“High-impact learning is all about — bringing information, skills and capability to people in the most compelling and practical manner possible.” – Josh Bersin
Mobile Apps is enabling to do just that. I am sure you might have read a lot about Mobile Apps, what they can do, how they can be used etc. You probably are using one of them.
I have been following up on Mobile Apps myself but I am amazed at the rapidity and diversity with which Mobile Apps are changing the world of healthcare across the world. Mobile apps seem to be making inroads into eLearning and mLearning domain looking to providing a niche for itself.
Mobile apps in healthcare space can be broadly classified as follows:
Wellness & Health
Some health facilities are using apps to help educate patients and general public on health matters. A Cleaveland clinic has a fully mobile-compatible website with access to maps & directions, physician directory and medical directory among other information. They have also launched three mobile apps – A tip-of-the-day iPhone app or Let’s Move It app to urge people to exercise and a stress meditations app.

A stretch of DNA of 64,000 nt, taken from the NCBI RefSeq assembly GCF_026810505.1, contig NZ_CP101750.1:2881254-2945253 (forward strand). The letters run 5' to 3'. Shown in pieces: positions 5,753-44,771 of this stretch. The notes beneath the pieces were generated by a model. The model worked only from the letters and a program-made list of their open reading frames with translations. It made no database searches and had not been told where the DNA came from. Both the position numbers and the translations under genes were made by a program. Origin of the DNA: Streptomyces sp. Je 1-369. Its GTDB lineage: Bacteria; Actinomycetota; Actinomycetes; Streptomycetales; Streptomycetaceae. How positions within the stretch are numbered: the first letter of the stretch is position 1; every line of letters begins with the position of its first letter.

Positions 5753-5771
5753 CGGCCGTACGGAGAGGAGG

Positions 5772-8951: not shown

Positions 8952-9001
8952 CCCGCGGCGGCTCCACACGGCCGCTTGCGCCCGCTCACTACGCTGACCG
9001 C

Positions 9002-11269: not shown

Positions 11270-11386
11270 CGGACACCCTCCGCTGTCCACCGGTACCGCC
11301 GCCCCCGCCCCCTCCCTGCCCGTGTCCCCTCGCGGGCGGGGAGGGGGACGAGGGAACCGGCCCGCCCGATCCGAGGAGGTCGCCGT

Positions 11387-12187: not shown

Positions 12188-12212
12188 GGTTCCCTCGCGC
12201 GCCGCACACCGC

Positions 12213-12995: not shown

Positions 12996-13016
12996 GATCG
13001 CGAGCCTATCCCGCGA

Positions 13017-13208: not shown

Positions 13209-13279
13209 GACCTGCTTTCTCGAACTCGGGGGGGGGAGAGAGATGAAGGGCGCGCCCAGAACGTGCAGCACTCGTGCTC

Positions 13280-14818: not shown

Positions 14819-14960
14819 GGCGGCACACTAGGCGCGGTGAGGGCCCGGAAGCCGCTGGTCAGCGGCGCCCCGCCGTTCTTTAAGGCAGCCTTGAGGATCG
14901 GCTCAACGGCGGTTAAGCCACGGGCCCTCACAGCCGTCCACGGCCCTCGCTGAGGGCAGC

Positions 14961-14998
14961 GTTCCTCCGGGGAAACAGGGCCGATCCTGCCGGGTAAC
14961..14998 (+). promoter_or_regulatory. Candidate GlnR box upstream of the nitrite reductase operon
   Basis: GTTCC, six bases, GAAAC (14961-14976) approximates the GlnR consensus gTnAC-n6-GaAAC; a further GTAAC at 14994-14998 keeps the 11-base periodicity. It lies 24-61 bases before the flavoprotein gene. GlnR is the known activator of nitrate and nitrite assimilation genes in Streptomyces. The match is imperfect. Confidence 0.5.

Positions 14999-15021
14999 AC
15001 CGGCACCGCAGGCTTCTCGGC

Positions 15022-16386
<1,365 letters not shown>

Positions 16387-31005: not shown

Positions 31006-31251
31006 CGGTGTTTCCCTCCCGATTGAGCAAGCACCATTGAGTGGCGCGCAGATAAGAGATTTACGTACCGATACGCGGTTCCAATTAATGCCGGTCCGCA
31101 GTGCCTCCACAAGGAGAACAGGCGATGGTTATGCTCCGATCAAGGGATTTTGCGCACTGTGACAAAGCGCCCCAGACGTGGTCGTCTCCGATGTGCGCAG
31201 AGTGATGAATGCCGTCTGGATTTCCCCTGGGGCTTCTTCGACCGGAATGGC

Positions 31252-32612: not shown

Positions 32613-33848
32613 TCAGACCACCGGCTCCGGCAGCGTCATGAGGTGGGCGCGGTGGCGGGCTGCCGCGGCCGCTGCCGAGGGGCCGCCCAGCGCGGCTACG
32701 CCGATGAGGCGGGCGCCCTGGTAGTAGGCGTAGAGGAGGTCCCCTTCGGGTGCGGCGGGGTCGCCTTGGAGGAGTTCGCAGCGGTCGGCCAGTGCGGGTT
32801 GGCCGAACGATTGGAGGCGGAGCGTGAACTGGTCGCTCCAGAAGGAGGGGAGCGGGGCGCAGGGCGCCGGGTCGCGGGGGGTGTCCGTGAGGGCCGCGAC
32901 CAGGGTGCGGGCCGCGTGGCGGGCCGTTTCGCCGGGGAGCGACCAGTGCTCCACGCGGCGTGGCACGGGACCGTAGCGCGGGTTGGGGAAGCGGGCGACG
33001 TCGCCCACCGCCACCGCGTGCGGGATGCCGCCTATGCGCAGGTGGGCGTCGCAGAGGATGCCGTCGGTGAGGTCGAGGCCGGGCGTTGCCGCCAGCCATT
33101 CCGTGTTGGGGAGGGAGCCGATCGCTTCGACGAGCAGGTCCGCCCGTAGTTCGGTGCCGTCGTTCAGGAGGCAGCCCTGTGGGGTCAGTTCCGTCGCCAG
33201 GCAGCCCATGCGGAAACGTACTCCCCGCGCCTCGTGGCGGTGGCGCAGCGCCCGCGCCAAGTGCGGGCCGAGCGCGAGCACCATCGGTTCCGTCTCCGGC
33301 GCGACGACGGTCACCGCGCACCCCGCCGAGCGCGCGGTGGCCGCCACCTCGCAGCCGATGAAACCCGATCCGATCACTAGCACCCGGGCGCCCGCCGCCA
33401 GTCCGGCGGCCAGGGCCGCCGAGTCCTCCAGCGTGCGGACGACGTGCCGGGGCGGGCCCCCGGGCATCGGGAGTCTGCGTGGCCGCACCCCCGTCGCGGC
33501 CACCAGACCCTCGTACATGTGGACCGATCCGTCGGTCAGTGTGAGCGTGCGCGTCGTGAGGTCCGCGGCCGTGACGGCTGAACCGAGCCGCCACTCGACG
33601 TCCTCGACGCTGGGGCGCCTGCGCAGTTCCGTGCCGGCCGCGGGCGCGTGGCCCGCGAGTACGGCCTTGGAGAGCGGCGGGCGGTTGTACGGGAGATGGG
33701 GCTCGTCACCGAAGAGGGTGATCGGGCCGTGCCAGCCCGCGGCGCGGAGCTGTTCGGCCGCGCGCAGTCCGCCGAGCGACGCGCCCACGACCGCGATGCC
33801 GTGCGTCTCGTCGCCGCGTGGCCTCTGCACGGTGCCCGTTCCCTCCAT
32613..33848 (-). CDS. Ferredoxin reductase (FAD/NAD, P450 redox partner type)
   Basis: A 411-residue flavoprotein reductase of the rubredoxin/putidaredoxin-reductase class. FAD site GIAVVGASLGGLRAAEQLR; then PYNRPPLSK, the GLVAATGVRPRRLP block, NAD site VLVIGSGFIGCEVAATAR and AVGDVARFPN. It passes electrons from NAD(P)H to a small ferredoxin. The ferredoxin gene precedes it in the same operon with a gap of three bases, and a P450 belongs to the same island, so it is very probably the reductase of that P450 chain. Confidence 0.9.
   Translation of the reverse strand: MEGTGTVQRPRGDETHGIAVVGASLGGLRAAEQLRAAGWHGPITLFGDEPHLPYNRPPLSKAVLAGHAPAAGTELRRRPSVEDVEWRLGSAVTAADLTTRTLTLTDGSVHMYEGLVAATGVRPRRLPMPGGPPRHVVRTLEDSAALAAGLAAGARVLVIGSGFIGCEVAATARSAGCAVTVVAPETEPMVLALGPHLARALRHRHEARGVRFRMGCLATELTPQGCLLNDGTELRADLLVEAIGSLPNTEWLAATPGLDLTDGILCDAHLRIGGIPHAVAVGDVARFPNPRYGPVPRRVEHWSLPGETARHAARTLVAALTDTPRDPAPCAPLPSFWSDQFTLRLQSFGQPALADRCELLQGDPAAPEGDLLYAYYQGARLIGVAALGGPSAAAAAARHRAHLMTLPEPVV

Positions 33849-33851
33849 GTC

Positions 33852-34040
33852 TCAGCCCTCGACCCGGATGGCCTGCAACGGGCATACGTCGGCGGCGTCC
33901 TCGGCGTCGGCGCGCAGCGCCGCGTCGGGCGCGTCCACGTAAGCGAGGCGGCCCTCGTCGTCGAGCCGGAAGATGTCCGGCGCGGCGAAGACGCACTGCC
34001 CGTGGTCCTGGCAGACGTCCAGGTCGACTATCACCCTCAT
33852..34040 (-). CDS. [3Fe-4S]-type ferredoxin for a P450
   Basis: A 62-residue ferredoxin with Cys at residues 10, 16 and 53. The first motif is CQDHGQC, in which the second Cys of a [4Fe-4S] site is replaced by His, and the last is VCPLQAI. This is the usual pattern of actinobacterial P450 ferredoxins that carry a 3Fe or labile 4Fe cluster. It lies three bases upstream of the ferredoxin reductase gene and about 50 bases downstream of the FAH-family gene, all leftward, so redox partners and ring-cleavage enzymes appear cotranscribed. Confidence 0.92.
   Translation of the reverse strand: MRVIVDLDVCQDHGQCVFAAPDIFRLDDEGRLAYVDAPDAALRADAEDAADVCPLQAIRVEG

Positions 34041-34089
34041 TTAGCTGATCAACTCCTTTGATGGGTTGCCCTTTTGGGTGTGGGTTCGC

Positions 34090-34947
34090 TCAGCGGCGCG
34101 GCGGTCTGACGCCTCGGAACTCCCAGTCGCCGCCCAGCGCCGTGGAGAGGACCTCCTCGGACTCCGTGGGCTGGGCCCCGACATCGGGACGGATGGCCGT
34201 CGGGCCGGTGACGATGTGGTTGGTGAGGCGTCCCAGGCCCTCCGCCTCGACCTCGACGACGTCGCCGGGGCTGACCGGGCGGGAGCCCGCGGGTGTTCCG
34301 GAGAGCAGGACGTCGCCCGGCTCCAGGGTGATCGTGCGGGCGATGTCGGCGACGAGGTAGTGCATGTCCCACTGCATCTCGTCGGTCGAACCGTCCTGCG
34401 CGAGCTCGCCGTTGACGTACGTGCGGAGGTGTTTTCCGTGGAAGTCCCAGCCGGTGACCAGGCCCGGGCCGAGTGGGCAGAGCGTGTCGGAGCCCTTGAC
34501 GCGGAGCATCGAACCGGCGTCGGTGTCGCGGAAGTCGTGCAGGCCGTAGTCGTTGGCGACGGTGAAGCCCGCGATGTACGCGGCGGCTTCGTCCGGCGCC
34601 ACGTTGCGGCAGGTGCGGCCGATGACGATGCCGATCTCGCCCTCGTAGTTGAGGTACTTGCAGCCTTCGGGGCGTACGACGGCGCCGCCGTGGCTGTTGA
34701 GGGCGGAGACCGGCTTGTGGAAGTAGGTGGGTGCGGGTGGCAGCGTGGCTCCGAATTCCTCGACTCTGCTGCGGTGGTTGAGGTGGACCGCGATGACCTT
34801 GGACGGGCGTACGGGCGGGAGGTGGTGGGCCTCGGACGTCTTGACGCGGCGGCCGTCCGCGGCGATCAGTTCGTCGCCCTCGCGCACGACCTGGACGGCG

The British National Health Service (NHS) released NHS Direct to enable patients to do some preliminary diagnosis on their symptoms resulting from common ailments such as common cold and flu. This reduces the load on the British health system where waiting time to get appointment with physicians is rather long. There are other apps to help you check your BP, eyesight, heart rate, diabetes, etc.
Healthcare representatives (HCRs), physicians and care givers are being aided by mobile apps to help them do their jobs easily, quickly and perhaps more efficiently. Apps on tablets help sales representatives to better organize their data and capture the attention of a busy physician. Physicians themselves are using tablets to access drug information for accurate prescription, reference materials and more. Healthcare providers in remote locations can be guided through step-by-step medical decision making so that they can accurately diagnosis symptoms and illness; so that emergency care can be administered immediately.